"Disclosure/use of contents of communications obtained hereby is authorized only in extremely limited circumstances. For criminal investigative purposes, an investigative or law enforcement officer who, pursuant to the proper performance of his/her duties has acquired knowledge of the contents of a communication, may disclose such contents to another investigative or law enforcement officer so long as such disclosure is appropriate to the proper performance of the duties of both the disclosing and receiving officer. Likewise, such investigative or law enforcement officer may use such information (which may implicitly include further disclosure) as appropriate to the proper performance of that officer's duties (such as disclosure to a judge in an affidavit for a search or arrest warrant). Such contents may also be disclosed while giving testimony under oath in any criminal proceeding or in quasi-criminal, forfeiture or professional disciplinary proceedings. Beyond the foregoing parameters, disclosure/use of intercepted communications is prohibited with both civil and criminal penalties.

"A person's (private citizen or law enforcement) violation of this statute can arise in the following four general areas: 1) he/she can unlawfully intercept or procure another to unlawfully intercept a wire, oral or electronic communication; 2) he/she can unlawfully disclose the contents of an electronic, oral or wire communication; 3) he/she can unlawfully use the contents of an electronic, oral or wire communication; and 4) he/she can unlawfully advertise, sell or possess an "electronic, mechanical or other device(s)" which, by its design renders it primarily useful for the surreptitious interception of electronic, oral or wire communications. The violation of any of these provisions constitutes a felony of the third degree (and yes, this includes the prohibition of a private citizen from tapping his/her own phone and/or bugging his/her own home).

"As noted above, law enforcement personnel cannot electronically eavesdrop without proper authority (i.e. prior independent review by either a designated prosecutor or the judiciary). In addition to the criminal sanctions for violating the Act, other sanctions that can be brought against law enforcement for violating the Wiretap Act which consist of: 1) suppression of evidence gained as a result of any unlawful interception (or evidence derived therefrom); 2) a civil suit brought by an 'aggrieved person' (one whose communication was intercepted or one against whom the interception was directed) for reasonable attorneys fees and money damages; and 3) A civil suit brought by an aggrieved person to have the investigative or law enforcement officer who allegedly violated the Act removed from their law enforcement position.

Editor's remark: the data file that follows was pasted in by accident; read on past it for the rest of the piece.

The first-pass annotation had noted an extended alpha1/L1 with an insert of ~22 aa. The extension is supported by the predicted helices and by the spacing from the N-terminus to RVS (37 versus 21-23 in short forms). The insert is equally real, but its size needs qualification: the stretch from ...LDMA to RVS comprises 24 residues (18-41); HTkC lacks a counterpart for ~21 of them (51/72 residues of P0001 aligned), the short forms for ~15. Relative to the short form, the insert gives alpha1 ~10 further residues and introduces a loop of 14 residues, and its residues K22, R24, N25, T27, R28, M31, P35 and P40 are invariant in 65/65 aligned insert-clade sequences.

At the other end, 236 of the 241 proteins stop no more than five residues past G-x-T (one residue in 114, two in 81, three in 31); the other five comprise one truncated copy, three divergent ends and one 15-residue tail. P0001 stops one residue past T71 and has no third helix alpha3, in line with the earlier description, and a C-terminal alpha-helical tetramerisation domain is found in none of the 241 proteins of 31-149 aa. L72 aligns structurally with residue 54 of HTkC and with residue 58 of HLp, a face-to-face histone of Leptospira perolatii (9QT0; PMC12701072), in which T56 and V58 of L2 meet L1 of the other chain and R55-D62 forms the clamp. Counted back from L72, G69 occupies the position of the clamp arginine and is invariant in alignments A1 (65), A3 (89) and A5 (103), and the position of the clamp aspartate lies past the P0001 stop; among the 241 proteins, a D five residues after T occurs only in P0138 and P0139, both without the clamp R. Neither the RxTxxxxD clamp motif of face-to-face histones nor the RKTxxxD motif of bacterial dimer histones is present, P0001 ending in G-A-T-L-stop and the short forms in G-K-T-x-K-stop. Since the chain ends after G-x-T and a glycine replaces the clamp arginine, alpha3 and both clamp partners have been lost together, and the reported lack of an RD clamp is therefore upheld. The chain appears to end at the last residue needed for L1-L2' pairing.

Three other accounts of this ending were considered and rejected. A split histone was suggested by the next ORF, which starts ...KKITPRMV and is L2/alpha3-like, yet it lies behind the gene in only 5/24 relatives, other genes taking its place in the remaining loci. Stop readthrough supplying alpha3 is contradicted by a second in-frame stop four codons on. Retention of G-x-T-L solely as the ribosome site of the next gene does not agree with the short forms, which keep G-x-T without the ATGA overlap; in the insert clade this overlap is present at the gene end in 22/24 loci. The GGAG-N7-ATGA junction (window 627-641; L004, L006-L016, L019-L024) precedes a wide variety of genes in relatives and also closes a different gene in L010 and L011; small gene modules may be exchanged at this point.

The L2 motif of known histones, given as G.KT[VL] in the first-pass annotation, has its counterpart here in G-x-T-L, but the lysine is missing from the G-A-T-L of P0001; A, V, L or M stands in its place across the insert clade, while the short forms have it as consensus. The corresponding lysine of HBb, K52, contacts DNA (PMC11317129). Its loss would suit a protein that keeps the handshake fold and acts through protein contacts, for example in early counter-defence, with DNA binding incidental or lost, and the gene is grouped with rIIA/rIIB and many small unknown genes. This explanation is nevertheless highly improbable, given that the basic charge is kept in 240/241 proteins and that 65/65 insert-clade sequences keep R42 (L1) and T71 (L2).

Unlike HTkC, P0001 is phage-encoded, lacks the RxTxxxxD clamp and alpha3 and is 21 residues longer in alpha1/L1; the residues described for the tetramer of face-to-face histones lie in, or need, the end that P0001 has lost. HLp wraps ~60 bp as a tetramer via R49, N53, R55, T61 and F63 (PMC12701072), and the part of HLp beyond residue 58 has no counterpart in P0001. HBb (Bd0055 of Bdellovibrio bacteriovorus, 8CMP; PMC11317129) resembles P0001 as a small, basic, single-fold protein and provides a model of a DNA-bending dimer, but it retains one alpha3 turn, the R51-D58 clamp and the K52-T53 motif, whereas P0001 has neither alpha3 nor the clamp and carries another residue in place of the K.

"In summary, Pennsylvania's Wiretapping and Electronic Surveillance Control Act is all about privacy — the expectation of privacy we have in our communications. However, it recognizes law enforcement's periodic need to intercept communications to obtain critical evidence in criminal investigations to protect the public. In that regard, the Act strikes a balance by imposing certain requirements on law enforcement via the prior review by a prosecutor and/or judge as explained above. In protecting privacy, the constraints of the Act apply to everyone, law enforcement and private citizens alike."

Noonan explained the Pennsylvania law dispassionately. He was not playing politics or protecting anyone.

Vadum is right that "rules of evidence used in courtrooms don't apply in journalism," but it does NOT follow that "filmmakers," or "citizen journalists,' or vigilantes, or media moguls, are entitled to disregard state criminal law.

A trial court has held that a communication protected by the Pennsylvania law is one in which there is an expectation that it will not be recorded by any electronic device, rather than one in which there is a general expectation of privacy. Thus, the fact that a participant may believe he will have to reveal the contents of a communication, or that other parties may repeat the contents, does not necessarily mean that he would have expected that it would be recorded, and it is the expectation that the communication would not be recorded that triggers the wiretapping law's protections. Pennsylvania v. McIvor, 670 A.2d 697 (Pa. Super. Ct. 1996), petition for appeal denied, 692 A.2d 564 (Pa. 1997).

Noonan correctly concluded that the pertinent Pennsylvania statute "strikes a balance by imposing certain requirements on law enforcement via the prior review by a prosecutor and/or judge as explained above" and "[i]n protecting privacy, the constraints of the Act apply to everyone, law enforcement and private citizens alike."

It's not the balance I would strike, but it is the balance struck by the Pennsylvania authorities authorized to strike that balance and pretending otherwise is not truthful.

© Michael Gaynor


The views expressed by RenewAmerica columnists are their own and do not necessarily reflect the position of RenewAmerica or its affiliates.
(See RenewAmerica's publishing standards.)

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Michael Gaynor

Michael J. Gaynor has been practicing law in New York since 1973. A former partner at Fulton, Duncombe & Rowe and Gaynor & Bass, he is a solo practitioner admitted to practice in New York state and federal courts and an Association of the Bar of the City of New York member... (more)